NEW YORK (CNNMoney) -- Gold prices recovered from earlier losses Thursday to close modestly higher after a major sell-off Wednesday.
Gold futures for December delivery rose $5.90 to settle at $1,763.20 an ounce.
The modest gains came amid rumors that ratings agencies may look to downgrade Germany's credit rating.
Standard and Poor's, Fitch Ratings and Moody's Investors Services said Thursday that they did not have any updates to their AAA-rating on Germany.
On Wednesday, gold prices plunged $95.80, or 5.1%, to settle at $1,765.50 an ounce. Analysts said it was the biggest one-day drop since 1980.
The selling on Wednesday came after gold prices spiked above $1,900 an ounce earlier in the week. Gold had been on a winning streak since early July, when the metal traded around $1,500 an ounce.
Traders said the recent run-up was driven partly by expectations that the Federal Reserve will hint at new steps to support the economy. Fed chairman Ben Bernanke will speak Friday at the Kansas City Fed's annual retreat in Jackson Hole, Wyo.
Those expectations were called into question Wednesday following a better-than-expected report on durable goods.
In addition, gold prices were pushed lower as investors rushed to close contracts ahead of recently announced increases in margin requirements that went into effect Thursday.
The CME Group, which runs the Chicago Mercantile Exchange, announced a 27% increase in margin requirements on Wednesday. It was the biggest hike in years and came after the Shanghai Gold Exchange announced a similar move earlier in the week.
The hikes are designed to control volatility in the market by limiting the amount of leverage traders can use to maximize bets.
"Anyone that's bought gold in a leveraged play is being forced out as margins go up at the close of business today," said Adam Klopfenstein, a senior commodities market strategist at MF Global.
Klopfenstein said the gold market had become "crowded" as institutional investors, such as pension and sovereign wealth funds, plowed money into short-term positions in gold futures.
"The people buying gold without a long-term perspective are the ones that are dumping right now," he said. "Long-term, the bull case for gold is still there."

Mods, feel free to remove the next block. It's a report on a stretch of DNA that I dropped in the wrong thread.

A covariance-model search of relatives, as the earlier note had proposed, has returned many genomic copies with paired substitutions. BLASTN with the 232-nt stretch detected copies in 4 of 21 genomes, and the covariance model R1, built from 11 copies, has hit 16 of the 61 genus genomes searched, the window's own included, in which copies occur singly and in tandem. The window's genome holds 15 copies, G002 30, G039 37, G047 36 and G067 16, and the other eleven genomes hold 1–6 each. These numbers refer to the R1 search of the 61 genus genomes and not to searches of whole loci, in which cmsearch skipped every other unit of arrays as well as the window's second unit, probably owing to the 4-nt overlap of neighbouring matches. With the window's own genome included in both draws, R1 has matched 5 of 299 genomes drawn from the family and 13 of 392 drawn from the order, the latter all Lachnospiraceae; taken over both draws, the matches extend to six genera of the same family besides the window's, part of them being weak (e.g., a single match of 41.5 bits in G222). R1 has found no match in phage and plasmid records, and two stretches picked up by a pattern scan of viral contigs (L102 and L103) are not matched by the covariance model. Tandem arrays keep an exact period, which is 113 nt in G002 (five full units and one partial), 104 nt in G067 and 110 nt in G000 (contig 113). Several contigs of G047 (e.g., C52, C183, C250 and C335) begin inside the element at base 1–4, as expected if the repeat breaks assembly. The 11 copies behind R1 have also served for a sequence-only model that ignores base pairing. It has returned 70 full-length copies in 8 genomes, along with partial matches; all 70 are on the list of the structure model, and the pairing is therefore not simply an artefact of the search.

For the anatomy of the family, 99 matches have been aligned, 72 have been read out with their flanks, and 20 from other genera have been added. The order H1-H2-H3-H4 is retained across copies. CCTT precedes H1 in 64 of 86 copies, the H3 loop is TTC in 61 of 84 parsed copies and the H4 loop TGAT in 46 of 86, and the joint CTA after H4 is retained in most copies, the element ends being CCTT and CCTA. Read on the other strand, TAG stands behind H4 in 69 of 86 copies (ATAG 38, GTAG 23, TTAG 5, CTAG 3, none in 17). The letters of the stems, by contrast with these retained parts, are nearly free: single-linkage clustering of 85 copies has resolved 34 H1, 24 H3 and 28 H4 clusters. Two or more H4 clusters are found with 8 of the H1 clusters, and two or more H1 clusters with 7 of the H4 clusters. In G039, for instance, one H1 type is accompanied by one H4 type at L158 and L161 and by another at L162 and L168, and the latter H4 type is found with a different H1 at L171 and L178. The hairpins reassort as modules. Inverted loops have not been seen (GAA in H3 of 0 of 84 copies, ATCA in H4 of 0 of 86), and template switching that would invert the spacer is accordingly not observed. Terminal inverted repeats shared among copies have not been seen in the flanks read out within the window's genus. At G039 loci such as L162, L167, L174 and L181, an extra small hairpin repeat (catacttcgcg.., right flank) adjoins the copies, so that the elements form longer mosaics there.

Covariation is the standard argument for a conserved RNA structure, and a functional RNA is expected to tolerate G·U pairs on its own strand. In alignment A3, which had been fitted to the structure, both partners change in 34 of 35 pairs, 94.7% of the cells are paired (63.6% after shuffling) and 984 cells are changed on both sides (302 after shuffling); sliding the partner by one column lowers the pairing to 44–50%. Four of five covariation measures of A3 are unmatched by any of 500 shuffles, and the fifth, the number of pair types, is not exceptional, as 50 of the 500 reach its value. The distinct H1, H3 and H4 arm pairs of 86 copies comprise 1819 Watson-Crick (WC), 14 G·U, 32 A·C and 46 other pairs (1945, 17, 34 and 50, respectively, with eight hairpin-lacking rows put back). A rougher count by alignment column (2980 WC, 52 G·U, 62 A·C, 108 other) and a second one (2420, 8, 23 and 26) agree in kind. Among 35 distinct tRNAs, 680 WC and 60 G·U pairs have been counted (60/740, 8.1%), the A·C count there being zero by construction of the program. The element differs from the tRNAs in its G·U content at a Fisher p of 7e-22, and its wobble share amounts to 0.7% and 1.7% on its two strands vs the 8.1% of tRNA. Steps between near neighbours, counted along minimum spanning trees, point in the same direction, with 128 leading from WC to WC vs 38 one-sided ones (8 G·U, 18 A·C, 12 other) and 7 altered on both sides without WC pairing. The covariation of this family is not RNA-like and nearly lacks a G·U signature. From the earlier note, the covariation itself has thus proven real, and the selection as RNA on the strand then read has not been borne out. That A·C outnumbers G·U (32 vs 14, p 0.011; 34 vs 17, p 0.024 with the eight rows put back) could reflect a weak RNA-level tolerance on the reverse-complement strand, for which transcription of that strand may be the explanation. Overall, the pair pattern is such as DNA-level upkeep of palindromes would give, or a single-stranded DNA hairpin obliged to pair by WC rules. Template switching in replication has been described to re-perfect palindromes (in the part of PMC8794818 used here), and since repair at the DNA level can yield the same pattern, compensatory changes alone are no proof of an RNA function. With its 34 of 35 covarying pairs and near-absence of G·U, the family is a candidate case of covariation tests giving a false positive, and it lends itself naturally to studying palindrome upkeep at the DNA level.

Jon Nadler, senior analyst at Kitco Bullion Dealers in Montreal, said the gold market is being driven mainly by psychological factors.
"It's like the waiting room at a psychiatrist's office," he said. "We've seen fear, despair, greed, denial -- mostly denial," he said.
Nadler said prices could fall further if the metal drops below $1,650 an ounce. But he wouldn't rule out a rebound of about $65 an ounce in the near term.
He said some investors are still expecting the Fed to signal additional stimulus measures at a meeting in Wyoming this weekend. Ben Bernanke, the central bank chairman, is scheduled to deliver the keynote speech Friday.
In any event, he said the recent volatility in the gold market is worrying for an asset that is supposed to be a hedge against volatility.
The drop on Wednesday was the biggest one-day price decline since 1980, he said.
"The psychological damage to the small investor is already shaping up in full force," he said. "They might start leaning toward the side that says we had a bubble, and bubbles don't deflate slowly once they're pricked."
|Google files First Amendment court case against NSA surveillance secrecy|
|Chrysler relents, agrees to recall 2.7 million Jeeps|
|Perils of moving to a no-tax state|
|Stocks rally as Fed looms large|
|Yahoo: 13,000 government requests for data|
|Overnight Avg Rate||Latest||Change||Last Week|
|30 yr fixed||4.01%||4.04%|
|15 yr fixed||3.11%||3.18%|
|30 yr refi||4.00%||4.03%|
|15 yr refi||3.11%||3.16%|
Today's featured rates: